More than 100 experts shared their dreams, challenges, and proposals to make Chile a world power in astronomy education.

The launch of the first prospectus concerning education and the dissemination of astronomy in Chile


Ambassador Gabriel Rodriguez, Director of Energy, Science, Technology and Innovation for the Ministry of Foreign Affairs in Chile shares his thoughts on the importance of astronomy education and outreach to Chile’s future. Credit – CONICYT

In a well-attended ceremony at the Ministry of Foreign Affairs in Chile, “Reaching for the Stars: Findings of the Chile-U.S. Astronomy Education and Outreach Summit,” was officially released. The document represents the largest national effort in Chile to coordinate strategies for the promotion of astronomy education and the broader dissemination of best practices and resources; an endeavor which involved both Chilean groups and Chile’s international partners.

“Reaching for the Stars” synthesizes the ideas of more than 100 experts, representing nearly 50 Chilean and foreign institutions, who recognize the enormous potential Chile has to become a world-leader in astronomy education, and in the wider dissemination of astronomy learning opportunities for the general public. Over the past two years the U.S. Observatories in Chile and their management organizations – including AUI, AURA, Carnegie Institution for Science, NRAO, ALMA, NOAO, Gemini, GMTO, and LCO – plus the United States Embassy in Chile, CONICYT, Fundación Imagen de Chile and the U.S. National Science Foundation (NSF) all played key roles in supporting the Chile-U.S. Astronomy Education and Outreach Summit initiative.


Marianne Scott, Public Affairs Officer for the U.S. Embassy in Chile points to a strong collaboration between partners that led to a successful Summit initiative resulting in completion of the document. Credit – CONICYT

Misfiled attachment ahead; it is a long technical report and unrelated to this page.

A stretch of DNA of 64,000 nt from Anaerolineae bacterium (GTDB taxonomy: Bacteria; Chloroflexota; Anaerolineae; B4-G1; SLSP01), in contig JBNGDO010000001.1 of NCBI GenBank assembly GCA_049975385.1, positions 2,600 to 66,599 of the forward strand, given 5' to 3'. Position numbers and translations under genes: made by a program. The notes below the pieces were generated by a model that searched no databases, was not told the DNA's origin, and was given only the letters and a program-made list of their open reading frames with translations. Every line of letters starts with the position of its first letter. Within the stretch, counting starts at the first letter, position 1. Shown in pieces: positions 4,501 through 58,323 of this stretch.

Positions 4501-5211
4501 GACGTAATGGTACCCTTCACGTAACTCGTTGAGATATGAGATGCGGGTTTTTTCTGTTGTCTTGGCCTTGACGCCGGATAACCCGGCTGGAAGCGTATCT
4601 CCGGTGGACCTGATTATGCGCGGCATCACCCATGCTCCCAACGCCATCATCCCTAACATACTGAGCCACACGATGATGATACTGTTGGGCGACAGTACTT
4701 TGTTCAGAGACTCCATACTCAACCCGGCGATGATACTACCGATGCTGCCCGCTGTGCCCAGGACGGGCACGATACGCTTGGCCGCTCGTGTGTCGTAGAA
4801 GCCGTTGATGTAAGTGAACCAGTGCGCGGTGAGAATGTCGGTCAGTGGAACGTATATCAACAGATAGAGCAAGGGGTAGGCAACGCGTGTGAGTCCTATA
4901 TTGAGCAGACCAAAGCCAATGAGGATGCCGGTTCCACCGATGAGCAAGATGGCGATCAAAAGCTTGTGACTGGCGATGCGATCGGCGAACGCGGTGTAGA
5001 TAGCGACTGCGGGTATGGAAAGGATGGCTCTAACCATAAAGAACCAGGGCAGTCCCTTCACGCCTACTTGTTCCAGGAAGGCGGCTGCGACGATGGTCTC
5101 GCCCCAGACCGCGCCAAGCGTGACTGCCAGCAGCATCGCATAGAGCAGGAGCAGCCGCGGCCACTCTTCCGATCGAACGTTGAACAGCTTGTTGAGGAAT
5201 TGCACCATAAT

This effort is of great importance to Chile and its international partners. By the year 2025, it is estimated that 75% of the world’s astronomical observing capacity will be located in Chile. With this infrastructure, not only can we answer questions that link humanity with the universe but humankind can benefit educationally in areas of related knowledge; in particular science, technology, engineering, and mathematics (STEM), the arts, and cultural awareness. Astronomy is often seen as a “gateway science” and can be used to bring context to many other disciplines, and to inspire the next generation of STEM explorers and innovators.

Ambassador Rodriguez, Director of Energy, Science, Technology and Innovation for the Ministry of Foreign Affairs in Chile, pictured above, commented that, “Astronomy not only answers questions about the origin of life and our place in the cosmos. It is also a science that brings us closer to experiencing the transformation of ancestral mysteries into scientific knowledge; fomenting cultural knowledge and public wisdom, qualities that make all of us, inhabitants of the planet, more human.”

Astronomer Eduardo Hardy, former AUI Representative/NRAO Assistant Director for Chile, who presented the document on behalf of the U.S. observatories emphasized, “The motivation and effort of each of the national and international professionals, who generously contributed their individual experience and various points of view about the current state of astronomy education and outreach in Chile and around the world, provided the means for the identification of best practices, as well as stimulating future collaborations among those who develop astronomy learning experiences and resources.”


Eduardo Hardy delivers his comments on the relevance of astronomy EPO to the professional scientific observatories in Chile. Credit – AUI/NSF

The two Summits were seen by the participants as unique opportunities to address, as a community, the challenges of coordination and the issues of strategic planning and evaluation related to education and outreach in astronomy in Chile.


Tim Spuck, AUI’s STEM Education Development Officer, and Project Director and PI for the Summit initiative, celebrates completion of “Reaching for the Stars” at the event. Credit – AUI/NSF


Sergio Cabezon, EPO Officer for AUI/NRAO in Chile, and a Lead Editor for “Reaching for the Stars” highlights the content in the seven chapters that make up the document. Credit – CONICYT

“Reaching for the Stars” includes five chapters focusing on astronomy education and public outreach (EPO) at the national level including; astronomy learning in primary and secondary schools, and the role of planetariums/science centers and other informal science venues, the international scientific observatories in Chile, universities, and tourists/municipal observatories in astronomy EPO. Two additional chapters focus on funding and support for astronomy EPO, and program evaluation and metrics. The document overall highlights the current status of astronomy EPO in Chile and between its international partners, and presents a series of recommendations and areas for further exploration. “Reaching for the Stars” will serve as a valuable tool in Chile and abroad to improve astronomy learning for all.